Deutsche Bank established a number of goals to reduce its sponsored emissions in carbon-intensive industries such as Oil & Gas, Power Generation, Automotive, and Steel.
Typically, financing activities account for the significant majority of the climate effect of financial organizations, with funded emissions being hundreds of times bigger than operational emissions. The majority of Deutsche Bank's Scope 3 emissions, which are beyond its direct control, are financed emissions, which the bank plans to cut significantly by 2030.
According to Deutsche Bank, the increased targets for the four industries represent a substantial share of the bank's €250 billion loan portfolio. The bank said that it will advise clients in carbon-intensive businesses and finance their transition strategies and activities on the path to net-zero emissions by 2050.
The new objectives include a 23% reduction in Scope 3 upstream financed emissions by 2030 and a 90% reduction by 2050 for the upstream Oil & Gas industry, as well as a 69% decrease in the physical emission intensity of Scope 1 by 2030 and a 100% reduction by 2050 for Power Generation. Deutsche Bank aims for a 59% decrease in tailpipe emission intensity for the Automotive light duty vehicles sector by 2030 and a 100% reduction by 2050, and for Steel, a 33% reduction in Scope 1 and 2 physical emission intensity by 2030 and a 90% reduction by 2050.
Deutsche Bank is a founding member of the Net Zero Banking Alliance (NZBA), a United Nations-convened consortium of institutions committed to furthering global net-zero goals through their financing activities. Members of the NZBA pledge to transition operational and attributable greenhouse gas (GHG) emissions from their loan and investment portfolios to net zero pathways by 2050 and to setting 2030 targets, first centered on priority sectors where the bank may have the greatest impact.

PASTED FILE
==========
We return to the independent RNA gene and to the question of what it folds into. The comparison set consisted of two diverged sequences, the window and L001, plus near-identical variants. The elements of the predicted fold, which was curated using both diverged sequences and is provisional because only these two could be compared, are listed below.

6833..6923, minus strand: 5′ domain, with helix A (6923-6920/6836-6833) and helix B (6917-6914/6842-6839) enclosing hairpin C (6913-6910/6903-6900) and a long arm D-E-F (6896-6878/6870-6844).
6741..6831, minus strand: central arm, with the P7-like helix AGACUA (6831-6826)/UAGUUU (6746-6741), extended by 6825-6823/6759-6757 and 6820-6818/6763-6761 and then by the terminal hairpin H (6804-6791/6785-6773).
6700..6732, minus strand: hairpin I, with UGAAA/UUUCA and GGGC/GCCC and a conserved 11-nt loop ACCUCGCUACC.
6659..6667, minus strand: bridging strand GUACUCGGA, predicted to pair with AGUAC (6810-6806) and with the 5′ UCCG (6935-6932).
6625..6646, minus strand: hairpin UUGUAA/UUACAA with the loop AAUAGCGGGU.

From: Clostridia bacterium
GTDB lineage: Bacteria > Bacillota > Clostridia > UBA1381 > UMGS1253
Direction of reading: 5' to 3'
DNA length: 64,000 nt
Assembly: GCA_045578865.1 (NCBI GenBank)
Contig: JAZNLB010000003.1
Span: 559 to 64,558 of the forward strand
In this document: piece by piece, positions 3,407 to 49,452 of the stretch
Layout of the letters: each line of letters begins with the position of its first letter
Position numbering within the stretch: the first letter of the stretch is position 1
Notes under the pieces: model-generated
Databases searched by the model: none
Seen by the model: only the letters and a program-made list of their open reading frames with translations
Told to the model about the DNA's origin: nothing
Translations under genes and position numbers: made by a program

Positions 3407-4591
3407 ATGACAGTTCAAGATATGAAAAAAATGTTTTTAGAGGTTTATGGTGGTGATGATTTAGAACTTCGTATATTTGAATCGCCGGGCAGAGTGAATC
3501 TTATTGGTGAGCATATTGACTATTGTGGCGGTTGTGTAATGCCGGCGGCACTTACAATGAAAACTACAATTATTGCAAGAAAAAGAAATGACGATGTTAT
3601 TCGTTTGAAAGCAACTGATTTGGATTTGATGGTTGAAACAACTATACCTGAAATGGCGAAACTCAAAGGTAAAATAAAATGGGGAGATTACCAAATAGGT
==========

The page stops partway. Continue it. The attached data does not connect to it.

As a member of the Partnership for Carbon Accounting Financials (PCAF), a global partnership of financial institutions that started in 2019 with the goal of creating and implementing a harmonized way to measure and report the greenhouse gas (GHG) emissions from loans and investments, the bank has also promised to report the GHG emissions from its loan portfolio.
In the future, Deutsche Bank plans to disclose updates on financed emissions and pathway alignments for 2022 in March 2023 and will expand its net zero target setting to other carbon-intensive sectors over the course of the next year.
Jorg Eigendorf, Chief Sustainability Officer at Deutsche Bank, said:
This is a significant step towards progressively reducing the carbon footprint of our loan portfolio. We are committed to assisting our clients on their path to net zero. This is a fundamental component of our sustainability approach."